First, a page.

Updated 11:38 PM EST, Wed, Jan 20, 2021

2014 NBA Western Conference Preview - Starting Five Showdown: Spurs v. Thunder

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Few franchises have garnered more success over the last three years than San Antonio and Oklahoma City. Consecutive 50-win seasons. Multiple MVP's between Tim Duncan and Kevin Durant. Three straight Western Conference titles. If LeBron James hadn't bolted for South Beach, winning the last three NBA titles would have been a tug-of-war along the Oklahoma-Texas border.

Duncan and the Spurs secured as many NBA titles over the last ten years as the Dallas Cowboys have playoff berths. The Thunder won fewer than 47 games just once since their litigious relocation from Seattle, heavily relying on four-time scoring champion Kevin Durant. Yet, for all their achievements, for all the accolades and heaps of hardware, the rivals' couldn't be more contradictory of each other's' style.

Theirs is a battle of age versus experience; a changing of the guard that leaves the Spurs with one-possibly two- more championship runs. Duncan, Manu Ginobili, Tony Parker, and Matt Bonner are at least 32 years old. 29-year-old Kendrick Perkins is the oldest starter in an Oklahoma City group barely old enough for car rentals. Only five clubs have a younger median age than the Thunder.

San Antonio's window of opportunity draws closer to an end with every grizzled veteran's off day. Barring major injuries, can the Spurs still compete with the Thunder's starting five?

Tiago Splitter handily wins head-to-head battles with Kendrick Perkins not just because Splitter's defensive center, but because Perkins is slow as molasses. Perkins can't run, he can't block, and was ineffective around the net last season. The former Celtic notched his lowest rebound per game total since 2006-07, including a menial 3.0 RPG against San Antonio. Serge Ibaka's absence in the Western Conference Finals exposed Perkin's weaknesses. Expect Splitter to do the same.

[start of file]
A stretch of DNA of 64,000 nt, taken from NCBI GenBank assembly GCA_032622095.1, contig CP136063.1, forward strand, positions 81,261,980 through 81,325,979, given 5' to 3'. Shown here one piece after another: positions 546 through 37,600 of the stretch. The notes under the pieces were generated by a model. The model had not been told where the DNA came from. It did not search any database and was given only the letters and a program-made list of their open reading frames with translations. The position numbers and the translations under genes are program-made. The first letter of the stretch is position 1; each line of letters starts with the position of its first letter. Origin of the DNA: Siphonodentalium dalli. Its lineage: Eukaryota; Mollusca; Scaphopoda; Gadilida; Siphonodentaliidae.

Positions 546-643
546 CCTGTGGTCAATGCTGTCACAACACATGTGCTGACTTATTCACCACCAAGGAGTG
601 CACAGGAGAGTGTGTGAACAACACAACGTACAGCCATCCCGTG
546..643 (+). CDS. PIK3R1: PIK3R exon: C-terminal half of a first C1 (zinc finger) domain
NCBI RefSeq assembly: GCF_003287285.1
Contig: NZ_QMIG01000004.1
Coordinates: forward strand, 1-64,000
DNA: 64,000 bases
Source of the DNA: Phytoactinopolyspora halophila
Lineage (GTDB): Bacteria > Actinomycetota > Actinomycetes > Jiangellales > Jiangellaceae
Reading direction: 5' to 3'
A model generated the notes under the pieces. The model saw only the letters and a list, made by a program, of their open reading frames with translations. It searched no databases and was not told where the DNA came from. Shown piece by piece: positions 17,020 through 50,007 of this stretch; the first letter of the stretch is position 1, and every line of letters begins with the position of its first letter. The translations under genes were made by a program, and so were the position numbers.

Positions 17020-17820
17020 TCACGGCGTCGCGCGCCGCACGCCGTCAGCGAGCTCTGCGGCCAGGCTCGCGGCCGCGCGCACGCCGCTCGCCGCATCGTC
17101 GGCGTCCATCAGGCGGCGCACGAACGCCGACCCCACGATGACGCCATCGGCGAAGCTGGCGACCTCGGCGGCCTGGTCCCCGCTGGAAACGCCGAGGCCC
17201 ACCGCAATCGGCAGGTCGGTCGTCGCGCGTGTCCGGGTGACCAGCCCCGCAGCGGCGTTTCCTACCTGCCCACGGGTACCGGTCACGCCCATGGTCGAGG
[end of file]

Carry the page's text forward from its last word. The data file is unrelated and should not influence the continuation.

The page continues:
For a guy entering his 18th season, Duncan still has the stamina of a rookie trying to break San Antonio's 12-man roster. The two-time MVP started 74 games last year, averaging 29.2 minutes per game. Then again, Bonner and Boris Diaw can't really be considered "fresh legs" in relief of Duncan.

Ibaka posted 15 points on 6-for7 shooting in his Game 3 return last May. He single-handedly kept OKC in the conference finals with stalwart defense and stellar shot blocking that placed Ibaka on the NBA All-Defensive First Team. It's what gives Ibaka a step up on Duncan.

Oklahoma City's shooting guard situation is murky, at best. San Antonio's not as much. They have Danny Green and Manu Ginobili; solid guards who complement each other's strengths.

Ginobili is on the wrong side of 30- closer to 40, really- but remains one of league's most effective guards. Green's pinpoint shooting bring more stability, especially with Ginobili recovering from a stress fracture in his right fibula.

Reggie Jackson, Jeremy Lamb, Andre Roberson, and Anthony Morrow can't atone for Thabo Sefolosha's departure. Jackson is the only fitting matchup for Green, though, realistically, Jackson is more suited to be point guard. The only reason he starts in the two-spot is because OKC has Russell Westbrook, and because another year on the bench would give Jackson more incentive to test free agency.

Westbrook and Parker have contrarian ways of running championship-caliber offenses. Westbrook has speed, Park has quickness. The former, a showman with a shoot-first mentality. The latter, a deviously clever point guard who's just as efficient from three-point land as he is in setting up a pick-and-roll.

This matchup is a wash. Westbrook put up 0.07 PPG and 0.04 APG more than Parker in 19 regular season meetings. He outplays Parker in the postseason mainly because OKC's offense centers on him and Durant. Parker isn't as carefree; he averaged 2.2 turnovers per games last season to Westbrook's 3.8. Parker is an opportunist whereas Oklahoma City's point makes his own luck.

As for the battle of small forwards, Kawhi Leonard won't stop Durant. Few can.

Last April, Durant broke Michael Jordan's record for consecutive games with at least 25 points. He averaged 35.9 PPG in the month of January. As good as Leonard can- and will- be, he can't cover the "Durantula."

Miami's big three have separated, and injuries to Derrick Rose and Paul George leave their squads one superstar short of legitimate title aspirations. The Spurs' dynasty is coming to a close. It's time for OKC's starting five to take the reins.

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